Women and Middle eastern aviation:
What do you envision when you think of the Middle East? Wide swaths of shifting sand dunes and cornflower blue, cloudless skies? Men in flowing white robes and
keffiyeh held on with an agal (black doubled rope) riding camels?
Women in extremely modest dress?
Think again. This time, think airline pilot. Yes, women are making inroads in middle eastern commercial aviation, and they are
not just working the back of the airplane these days (once upon a
time even that area was off-limits to them).
It hasn’t been an easy road for middle eastern women who wanted to fly. Even in what might be considered one of the most westernized nations in the Middle East, Israel, women were only let
into the ranks of pilots in the Israeli Air Force (once the only route
to the airlines) some 20 years ago.
We spoke with 44-year-old Merav Schwartz, first officer, El Al
Airlines, Israel, who was the first woman to work as a pilot at El Al.
How did you get interested in aviation?
I don’t know, really! I was probably born with it. It was during wartime and we had the Mirage flying for our air force, and a
friend of my father who didn’t speak Hebrew well, he called me
Mirage. Maybe that stuck?
What did you study in school?
There was nothing you could do that would help you, deliberately, in those days. I studied math and physics, but it was because I liked those subjects.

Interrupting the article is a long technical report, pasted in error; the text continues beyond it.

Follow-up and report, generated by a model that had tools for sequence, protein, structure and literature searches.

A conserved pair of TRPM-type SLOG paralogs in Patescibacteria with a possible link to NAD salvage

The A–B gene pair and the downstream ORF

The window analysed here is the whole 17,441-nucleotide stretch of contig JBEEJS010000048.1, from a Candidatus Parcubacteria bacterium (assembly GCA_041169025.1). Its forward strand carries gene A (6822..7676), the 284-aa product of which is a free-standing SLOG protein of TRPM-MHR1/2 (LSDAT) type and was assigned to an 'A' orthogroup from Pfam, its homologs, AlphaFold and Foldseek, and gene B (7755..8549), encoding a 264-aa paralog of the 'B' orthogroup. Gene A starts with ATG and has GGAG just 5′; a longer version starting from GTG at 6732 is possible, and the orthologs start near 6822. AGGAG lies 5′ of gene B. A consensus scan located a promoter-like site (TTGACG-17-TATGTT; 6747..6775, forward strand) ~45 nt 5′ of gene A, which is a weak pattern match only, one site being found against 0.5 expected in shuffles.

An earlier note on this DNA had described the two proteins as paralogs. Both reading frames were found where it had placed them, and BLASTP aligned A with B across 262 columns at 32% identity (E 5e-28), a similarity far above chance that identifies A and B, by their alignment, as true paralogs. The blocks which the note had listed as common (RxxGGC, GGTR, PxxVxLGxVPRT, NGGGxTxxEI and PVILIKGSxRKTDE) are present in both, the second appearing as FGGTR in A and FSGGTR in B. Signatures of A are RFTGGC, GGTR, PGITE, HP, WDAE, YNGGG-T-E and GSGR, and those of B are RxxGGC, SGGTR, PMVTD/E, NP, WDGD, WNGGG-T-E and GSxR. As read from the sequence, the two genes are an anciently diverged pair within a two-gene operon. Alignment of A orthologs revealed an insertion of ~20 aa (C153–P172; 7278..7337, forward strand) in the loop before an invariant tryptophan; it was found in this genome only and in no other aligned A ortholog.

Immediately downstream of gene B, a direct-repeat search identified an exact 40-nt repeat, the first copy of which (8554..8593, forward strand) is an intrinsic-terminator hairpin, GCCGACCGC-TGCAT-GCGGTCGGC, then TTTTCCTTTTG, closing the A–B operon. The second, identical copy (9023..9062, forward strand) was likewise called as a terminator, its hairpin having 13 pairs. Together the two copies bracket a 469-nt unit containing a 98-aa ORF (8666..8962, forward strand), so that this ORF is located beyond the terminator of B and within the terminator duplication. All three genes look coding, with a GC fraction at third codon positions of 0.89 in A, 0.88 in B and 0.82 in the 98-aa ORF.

Israel has a pretty regimented public school system. Students
go through lots of testing to get to university. I studied physics at
Tel Aviv University.
How is it that you learned to fly?
When I was 18 I learned to fly. At that time I could not join
the air force to learn to fly. They were not taking women then. I
wrote letters to the head General of the air force. No, no, no,
I was told.
More Western Influences Will Help
as of last spring, Jeppesen, a unit of boeing Flight Services, has teamed with Dubai-based
emirates aviation College, the academic wing of emirates, to offer the first Joint aviation authorities (Jaa)-licensed pilot training program in the uae. The first class of ab initio cadets
began the 16-month program with ground school and theory training in March 2012, as the first step toward earning an
airline transport pilot license (a TPL) or a commercial pilot license with single-engine and multi-engine instrument ratings.
according to a boeing study, the commercial aviation industry is facing a tremendous demand for new personnel over the
next 20 years. The boeing Pilot & Technician Outlook forecasts a
need for more than a million commercial airline pilots and maintenance technicians. In the Middle east alone, the 20 year projection calls for 36,600 pilots and 53,000 technicians.
Did you do all of your flight training
I came to the States for a year to fly. It
was so reasonable, and you could fly everywhere. Even multiengine aircraft. I
flew on the west coast and the east coast.
Around 1999-2000 I applied for the
third or fourth time to El Al and finally
they called me for the interview, exams,
and in September 2000 I was hired as the
first female to fly for El Al, but really, I
owe my job to Olit Katzil. Let me explain.
El Al used to say that it didn’t take pilots who didn’t fly in the Israeli air force.
When she sued, they acquiesced. They
accepted her, but she took a job with